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Title: Analysis of transgenic mouse models of Huntington's disease
Author: Deschepper, Mia
ISNI:       0000 0004 2747 4820
Awarding Body: Cardiff University
Current Institution: Cardiff University
Date of Award: 2008
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Huntington's disease (HD) is an autosomal dominant neurodegeneration, characterised by a movement disorder, complex cognitive disturbances and psychiatric problems. The disease is caused by the expansion of a CAG repeat in the HD gene on chromosome 4, giving rise to an expanded glutamine tract in the encoded protein, huntingtin. Microarray studies have already found substantial changes in gene expression in HD individuals and in transgenic mouse models of HD. However, it was important to determine whether a similar pattern of differential expression could be found at the protein level, in order to assess the significance of the observed gene expression changes to the disease process. For this, the Surface-Enhanced Laser Desorption Ionization-Time Of Flight (SELDI-TOF) system was used to analyse brain protein extracts from genetic mouse models of HD, both from whole brain and microdissected brain samples. Several brain regions and different timepoints of transgenic R6/1 and knock-in HdhQ92 and HdhQ150 mouse models were analysed. To analyse a wider range of the HD mouse brain proteome, HdhQ15 mouse caudate-putamen was analysed using the 2-D fluorescence Difference Gel Electrophoresis (DIGE) system. Differentially expressed proteins have been detected in brain samples from HD mice, and sixteen of these have been identified using Tandem Mass Spectrometry. Western blot analysis confirmed results for some of the proteins. The majority of the proteins identified as changed in expression had earlier been reported as changed in gene expression in human HD and mouse HD brain. In general, there is a high degree of agreement between the protein and the gene expression data. Some of the proteins identified in this study have been implicated in HD pathogenesis, and many are part of a pathogenic mechanism recognised to contribute to HD, such as mitochondrial dysfunction and deficient energy metabolism, oxidative stress and aberrant calcium signalling.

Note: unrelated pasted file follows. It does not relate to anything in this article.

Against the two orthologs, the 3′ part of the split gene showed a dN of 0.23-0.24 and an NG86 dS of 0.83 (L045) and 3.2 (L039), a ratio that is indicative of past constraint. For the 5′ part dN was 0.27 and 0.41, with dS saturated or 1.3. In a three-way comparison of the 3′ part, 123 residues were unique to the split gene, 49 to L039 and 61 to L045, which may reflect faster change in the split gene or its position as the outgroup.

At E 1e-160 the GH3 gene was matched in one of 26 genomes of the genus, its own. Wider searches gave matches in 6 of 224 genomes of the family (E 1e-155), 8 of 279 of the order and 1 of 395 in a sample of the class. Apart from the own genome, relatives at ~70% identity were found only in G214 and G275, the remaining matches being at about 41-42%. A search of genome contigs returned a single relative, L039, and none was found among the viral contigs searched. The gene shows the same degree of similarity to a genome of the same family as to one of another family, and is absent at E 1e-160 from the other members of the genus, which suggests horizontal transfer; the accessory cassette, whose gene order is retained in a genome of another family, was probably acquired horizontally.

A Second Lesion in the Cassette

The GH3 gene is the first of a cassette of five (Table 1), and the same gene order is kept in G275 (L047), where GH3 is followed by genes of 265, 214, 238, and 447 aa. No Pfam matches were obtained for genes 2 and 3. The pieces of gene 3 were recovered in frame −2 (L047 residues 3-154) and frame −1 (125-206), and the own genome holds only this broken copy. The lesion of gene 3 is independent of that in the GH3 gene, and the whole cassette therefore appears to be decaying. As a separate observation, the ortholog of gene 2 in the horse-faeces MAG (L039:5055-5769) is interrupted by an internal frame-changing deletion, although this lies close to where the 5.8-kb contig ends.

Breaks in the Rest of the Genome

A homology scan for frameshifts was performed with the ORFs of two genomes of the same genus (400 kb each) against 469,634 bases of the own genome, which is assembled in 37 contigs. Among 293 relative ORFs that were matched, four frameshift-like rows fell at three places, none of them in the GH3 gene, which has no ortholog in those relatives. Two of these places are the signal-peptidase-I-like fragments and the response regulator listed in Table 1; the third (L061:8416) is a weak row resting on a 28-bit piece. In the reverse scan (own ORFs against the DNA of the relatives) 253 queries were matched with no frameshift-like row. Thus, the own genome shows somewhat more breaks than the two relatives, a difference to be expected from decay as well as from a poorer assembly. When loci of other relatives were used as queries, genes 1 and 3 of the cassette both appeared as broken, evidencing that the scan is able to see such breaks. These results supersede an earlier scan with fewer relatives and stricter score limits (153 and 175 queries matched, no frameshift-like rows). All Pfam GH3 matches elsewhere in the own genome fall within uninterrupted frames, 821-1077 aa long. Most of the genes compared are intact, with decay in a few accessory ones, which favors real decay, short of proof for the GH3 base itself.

Supervisor: Not available Sponsor: Not available
Qualification Name: Thesis (Ph.D.) Qualification Level: Doctoral
EThOS ID:  DOI: Not available